While at the Malacology Museum in the UCA, we generally spend our time identifying the organisms that we collected in the field. For the “dry” samples, we place them all on a tray and rinse them of dirt and sand with freshwater. We then typically organize them based on morphological similarity so that those that we think are closely related are grouped together. After that, we use our lab mollusk identification reference book, Seashells of Tropical West America:Marine Mollusks from Baja California to Peru, which we jokingly refer to as the “The Mollusk Bible”. A very dedicated female Malacologist named Dr. Martha Keen spent most of her life classifying species of mollusks, and she wrote a book describing most known species of mollusk from the Eastern Pacific at that time. Each species description includes a paragraph describing the shape, coloration and other necessary minutia morphological characteristics (such as the number of ridges on the shell with very many other intricate details about the organism) often accompanied by a picture of the species. Each species of mollusk in each taxonomic Class is assigned a number, deemed the “Keen number”, which we use as a quick identification tool. Oftentimes, two species are nearly indistinguishable, so we use the collections at our lab in Gettysburg, the reference collection at the Malacology Museum at the UCA or the expertise of the biologists in our team to help us figure out the correct species identification. Sometimes, even they don’t know for sure which species the sample belongs to, so we set those samples aside to be taken with us on a future trip to the Smithsonian Museum for further consultation with experts and their reference collections.

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The gastropod Macrocypraea cervinetta on the rocks at Chacocente, Nicaragua.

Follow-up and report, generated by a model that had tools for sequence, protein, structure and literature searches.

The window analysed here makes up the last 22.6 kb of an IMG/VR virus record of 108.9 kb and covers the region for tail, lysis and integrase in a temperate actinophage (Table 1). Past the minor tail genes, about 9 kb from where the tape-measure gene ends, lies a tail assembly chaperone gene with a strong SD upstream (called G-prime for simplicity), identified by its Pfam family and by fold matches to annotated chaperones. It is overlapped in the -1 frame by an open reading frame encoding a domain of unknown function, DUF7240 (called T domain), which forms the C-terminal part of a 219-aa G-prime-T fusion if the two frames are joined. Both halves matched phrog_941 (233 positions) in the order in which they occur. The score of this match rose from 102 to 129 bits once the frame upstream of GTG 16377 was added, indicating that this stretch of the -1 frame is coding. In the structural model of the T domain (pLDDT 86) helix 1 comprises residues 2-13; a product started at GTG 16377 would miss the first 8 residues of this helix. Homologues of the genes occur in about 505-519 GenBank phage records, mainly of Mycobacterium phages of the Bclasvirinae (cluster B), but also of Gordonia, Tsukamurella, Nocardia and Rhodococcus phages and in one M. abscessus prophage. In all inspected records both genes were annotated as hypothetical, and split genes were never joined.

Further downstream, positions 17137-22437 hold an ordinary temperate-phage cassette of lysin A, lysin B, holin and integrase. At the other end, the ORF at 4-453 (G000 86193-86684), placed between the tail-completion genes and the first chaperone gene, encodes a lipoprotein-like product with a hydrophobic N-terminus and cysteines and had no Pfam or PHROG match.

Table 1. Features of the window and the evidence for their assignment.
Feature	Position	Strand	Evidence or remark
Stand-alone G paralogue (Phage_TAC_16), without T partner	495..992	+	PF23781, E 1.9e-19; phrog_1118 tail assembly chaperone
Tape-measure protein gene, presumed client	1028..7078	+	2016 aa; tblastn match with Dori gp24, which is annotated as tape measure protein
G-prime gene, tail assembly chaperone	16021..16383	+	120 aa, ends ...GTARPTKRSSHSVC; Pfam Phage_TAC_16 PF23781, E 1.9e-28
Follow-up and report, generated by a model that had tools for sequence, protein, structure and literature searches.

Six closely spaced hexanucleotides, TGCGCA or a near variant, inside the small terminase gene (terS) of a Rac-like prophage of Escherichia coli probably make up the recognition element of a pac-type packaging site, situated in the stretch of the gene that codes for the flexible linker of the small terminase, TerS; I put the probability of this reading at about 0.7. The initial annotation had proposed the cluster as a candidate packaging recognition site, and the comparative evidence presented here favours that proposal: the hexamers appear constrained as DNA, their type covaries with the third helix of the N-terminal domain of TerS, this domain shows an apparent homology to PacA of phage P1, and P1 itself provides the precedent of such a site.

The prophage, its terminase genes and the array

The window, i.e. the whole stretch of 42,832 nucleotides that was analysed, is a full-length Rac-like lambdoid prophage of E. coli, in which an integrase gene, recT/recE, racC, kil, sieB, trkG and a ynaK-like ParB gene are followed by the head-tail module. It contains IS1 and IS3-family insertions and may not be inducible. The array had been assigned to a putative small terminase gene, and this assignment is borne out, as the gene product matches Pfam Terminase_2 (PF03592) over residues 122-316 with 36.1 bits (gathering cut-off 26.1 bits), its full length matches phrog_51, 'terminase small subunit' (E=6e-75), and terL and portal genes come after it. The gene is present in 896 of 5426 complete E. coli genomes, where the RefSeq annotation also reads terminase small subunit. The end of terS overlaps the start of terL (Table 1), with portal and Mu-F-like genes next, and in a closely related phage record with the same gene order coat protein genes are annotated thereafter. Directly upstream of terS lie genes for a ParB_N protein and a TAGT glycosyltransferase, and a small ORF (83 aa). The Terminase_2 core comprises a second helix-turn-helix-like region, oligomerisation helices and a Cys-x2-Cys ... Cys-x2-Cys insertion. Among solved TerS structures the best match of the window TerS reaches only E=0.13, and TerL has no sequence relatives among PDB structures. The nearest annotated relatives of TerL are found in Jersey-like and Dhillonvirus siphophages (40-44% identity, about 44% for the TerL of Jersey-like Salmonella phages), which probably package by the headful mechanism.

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After a long day of mollusk identification at the Malacology Museum laboratory in the UCA…

Paying close attention to small details carries over into the other portion of our field work responsibilities: the water chemistry aspect of our research. At each location we travel to, nitrate and phosphate levels are measured numerous times to add to previous collected water quality data. Using a field Colorimeter (Model 850, Hach Company), prepackaged chemical reagent samples and two glass vials, we follow the pre-set protocol for nitrate and phosphate respectively. Unfortunately for us this makes the curious fishermen even more curious about the two gringas (Spanish slang for American) working with strange apparatus and chemicals on his boat.

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Ellen doing water chemistry, on her lap is the instruction booklet and field spectrophotometer. Photo by: Janina Urcuyo

When we aren’t in the boat rocking back and forth, trying to get a meniscus at precisely 10 mL with the waves crashing into us, Nicaragua offers a lot of relaxation. Overcoming the language barrier by talking to local street cats, dogs, and birds is really going well, as they seem to always understand our Spanish. As for actual people, not so much. Trying new cuisine is probably the hardest part of this job, as there are so many new fruit juices, infamous dishes and desserts to try. Each day is a new adventure, including having our truck broken into and the robbery of personal items, peeing in the woods in the dark, and getting rear-ended by stray motorcyclist (but no worries, our team is safe and sound, plus the motorcyclist only received two very minor scrapes. We also get to see some pretty cool scientific stuff, too. During our journeys, we’ve found baby octopuses, a mama Olive Ridley’s turtle laying eggs on the beach, some newly-hatched sea turtles, some mating sea turtles, owls, eels, electrocuted kinkajou, howling monkeys, and lots of military men with AK47s protecting the entry and exits to the natural reserves. The X-Sig program has given us the experience of a lifetime, SCIENCE RULES!

Electrocuted Kinkajou, Photo by: Janina Urcuyo

Electrocuted Kinkajou, Photo by: Janina Urcuyo

Some CSI business after our truck got broken into, photo by: Janina Urcuyo

Some CSI business after our truck got broken into, photo by: Janina Urcuyo

Playing with baby Olive Ridley (Lepidochelys olivacea) sea turtles! Photo by: Janina Urcuyo

Playing with baby Olive Ridley (Lepidochelys olivacea) sea turtles! Photo by: Janina Urcuyo

Working hard trying new foods (aka stuffing our faces whenever we can).

Working hard trying new foods (aka stuffing our faces whenever we can).

On top of Volcano Masaya. Thanks, HHMI!

On top of Volcano Masaya. Thanks, HHMI!